Derek Wolf was without a pack to join once the Pen High Lakers basketball season ended.
Then the Wolfpack came hollering and the lonely Wolf found his new home.
“I came out during my spring break for a week and had the opportunity to scrimmage with the guys and meet many of the other recruits,” said Wolf in a questionnaire for the Omega, the Thompson Rivers University campus newspaper. “I felt welcomed and wished I could have started right then and there.”
The graduating Pen High Laker visited the Kamloops university and felt the move from smaller city to a smaller university was a good fit.
The 17-year-old was discovered by South Kamloops Titans coach Del Komarniski, who is also an assistant coach with the Wolfpack.
“Del saw him play initially,” said Wolfpack coach Scott Clark. “He is a really hard-working kid. He will come in as a true freshman and back up Kevin Pribilsky (fourth-year guard) and learn the position from scratch.”
This season the Lakers point guard averaged 20 points, eight assists and six rebounds. Clark said, like all players out of high school, the six-foot-one pivot will have to improve his body as time goes on.
“He is quite skilled and a good shooter,” said Clark. “He’ll fit in well with us. And as a bonus, he is a good student. He is a quality guy and the type of individual we want to add to our organization.”
Wolf understands he won’t receive a lot of playing time during his rookie season in Canadian Interuniversity Sport play, but feels he can help the men’s program by being prepared to do what is necessary to get stronger during the offseason.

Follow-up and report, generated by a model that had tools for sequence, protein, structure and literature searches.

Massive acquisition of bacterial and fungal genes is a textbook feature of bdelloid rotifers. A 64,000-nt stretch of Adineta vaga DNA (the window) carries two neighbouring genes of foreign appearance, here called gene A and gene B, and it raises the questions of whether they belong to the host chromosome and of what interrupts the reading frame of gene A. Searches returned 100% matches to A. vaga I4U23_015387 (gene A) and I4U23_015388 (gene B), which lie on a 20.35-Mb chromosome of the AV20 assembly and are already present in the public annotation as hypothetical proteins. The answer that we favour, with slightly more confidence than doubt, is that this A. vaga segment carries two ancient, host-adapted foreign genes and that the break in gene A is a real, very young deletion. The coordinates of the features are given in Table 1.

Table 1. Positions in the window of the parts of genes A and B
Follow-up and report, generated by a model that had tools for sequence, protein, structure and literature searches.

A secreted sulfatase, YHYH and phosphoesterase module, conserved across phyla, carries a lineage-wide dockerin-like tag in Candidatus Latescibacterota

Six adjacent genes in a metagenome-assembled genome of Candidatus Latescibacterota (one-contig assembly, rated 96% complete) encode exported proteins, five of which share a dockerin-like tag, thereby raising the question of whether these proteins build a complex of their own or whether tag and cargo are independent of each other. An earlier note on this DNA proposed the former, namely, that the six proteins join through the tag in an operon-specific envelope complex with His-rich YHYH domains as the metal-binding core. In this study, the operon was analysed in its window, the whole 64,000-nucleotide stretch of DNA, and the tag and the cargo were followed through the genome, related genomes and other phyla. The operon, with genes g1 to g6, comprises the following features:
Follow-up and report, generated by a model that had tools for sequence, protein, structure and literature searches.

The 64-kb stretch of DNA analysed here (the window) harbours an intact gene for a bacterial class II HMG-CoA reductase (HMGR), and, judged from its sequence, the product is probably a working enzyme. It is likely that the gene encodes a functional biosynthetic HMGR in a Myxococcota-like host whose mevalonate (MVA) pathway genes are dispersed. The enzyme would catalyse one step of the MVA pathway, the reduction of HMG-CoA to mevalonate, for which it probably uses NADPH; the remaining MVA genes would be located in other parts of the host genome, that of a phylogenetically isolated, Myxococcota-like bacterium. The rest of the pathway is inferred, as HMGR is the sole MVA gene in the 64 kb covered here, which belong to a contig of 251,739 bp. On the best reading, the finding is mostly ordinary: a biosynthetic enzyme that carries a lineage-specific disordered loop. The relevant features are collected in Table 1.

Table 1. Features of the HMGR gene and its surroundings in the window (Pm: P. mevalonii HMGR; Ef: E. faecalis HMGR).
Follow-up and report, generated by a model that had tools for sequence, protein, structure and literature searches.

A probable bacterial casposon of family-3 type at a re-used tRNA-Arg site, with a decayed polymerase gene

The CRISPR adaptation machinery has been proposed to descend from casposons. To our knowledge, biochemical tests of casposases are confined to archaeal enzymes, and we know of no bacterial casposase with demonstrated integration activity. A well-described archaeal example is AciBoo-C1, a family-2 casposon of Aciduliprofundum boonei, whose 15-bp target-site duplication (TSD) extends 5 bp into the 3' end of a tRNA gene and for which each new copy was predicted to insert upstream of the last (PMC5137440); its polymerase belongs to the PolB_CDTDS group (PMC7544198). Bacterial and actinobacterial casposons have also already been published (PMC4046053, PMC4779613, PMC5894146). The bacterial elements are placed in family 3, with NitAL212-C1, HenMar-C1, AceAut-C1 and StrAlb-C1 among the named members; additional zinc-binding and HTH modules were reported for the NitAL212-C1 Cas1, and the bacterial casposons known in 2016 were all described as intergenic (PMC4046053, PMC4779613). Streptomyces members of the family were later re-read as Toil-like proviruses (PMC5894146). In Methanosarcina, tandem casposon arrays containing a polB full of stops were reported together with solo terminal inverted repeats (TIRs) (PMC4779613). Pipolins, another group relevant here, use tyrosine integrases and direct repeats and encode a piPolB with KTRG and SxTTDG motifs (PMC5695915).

“My biggest challenges moving to CIS are adjusting to the increased speed of the game and increasing my strength and consistency,” said Wolf, who will study towards earning his bachelor of science to transfer into education. “I know I will fit in with coach Scott Clark because I am a hard worker and I like his expectations and philosophy on becoming a successful ball player.”
David Nackoney, the Lakers assistant coach, has worked with Wolf and agrees that Wolf’s work ethic is unparalleled.
“He lives in the gym. As a point guard, he has the ability to shoot the three and break you down,” said Nackoney. “He was our coach on the floor. At times, we needed Derek to score and other times we needed him to get others involved. He could really do what we asked.
“He has a good build to be a CIS guard,” he continued. “I think eventually he will be able to lead a CIS team with playmaking ability or passing. He is a very solid athlete who should be able to contribute in many ways.”
Clark adds that having someone from the Interior electing to stay and play high-level basketball is key. “Whenever we can keep the local guys around it should be a mandate of our university and program.”
Wolf was impressed with something he saw while visiting TRU.
“The Strength of the Wolf is the Pack and the Strength of the Pack is the Wolf,” said Wolf, repeating a quote on a poster he found on campus. “I thought it was a fun saying especially for me.”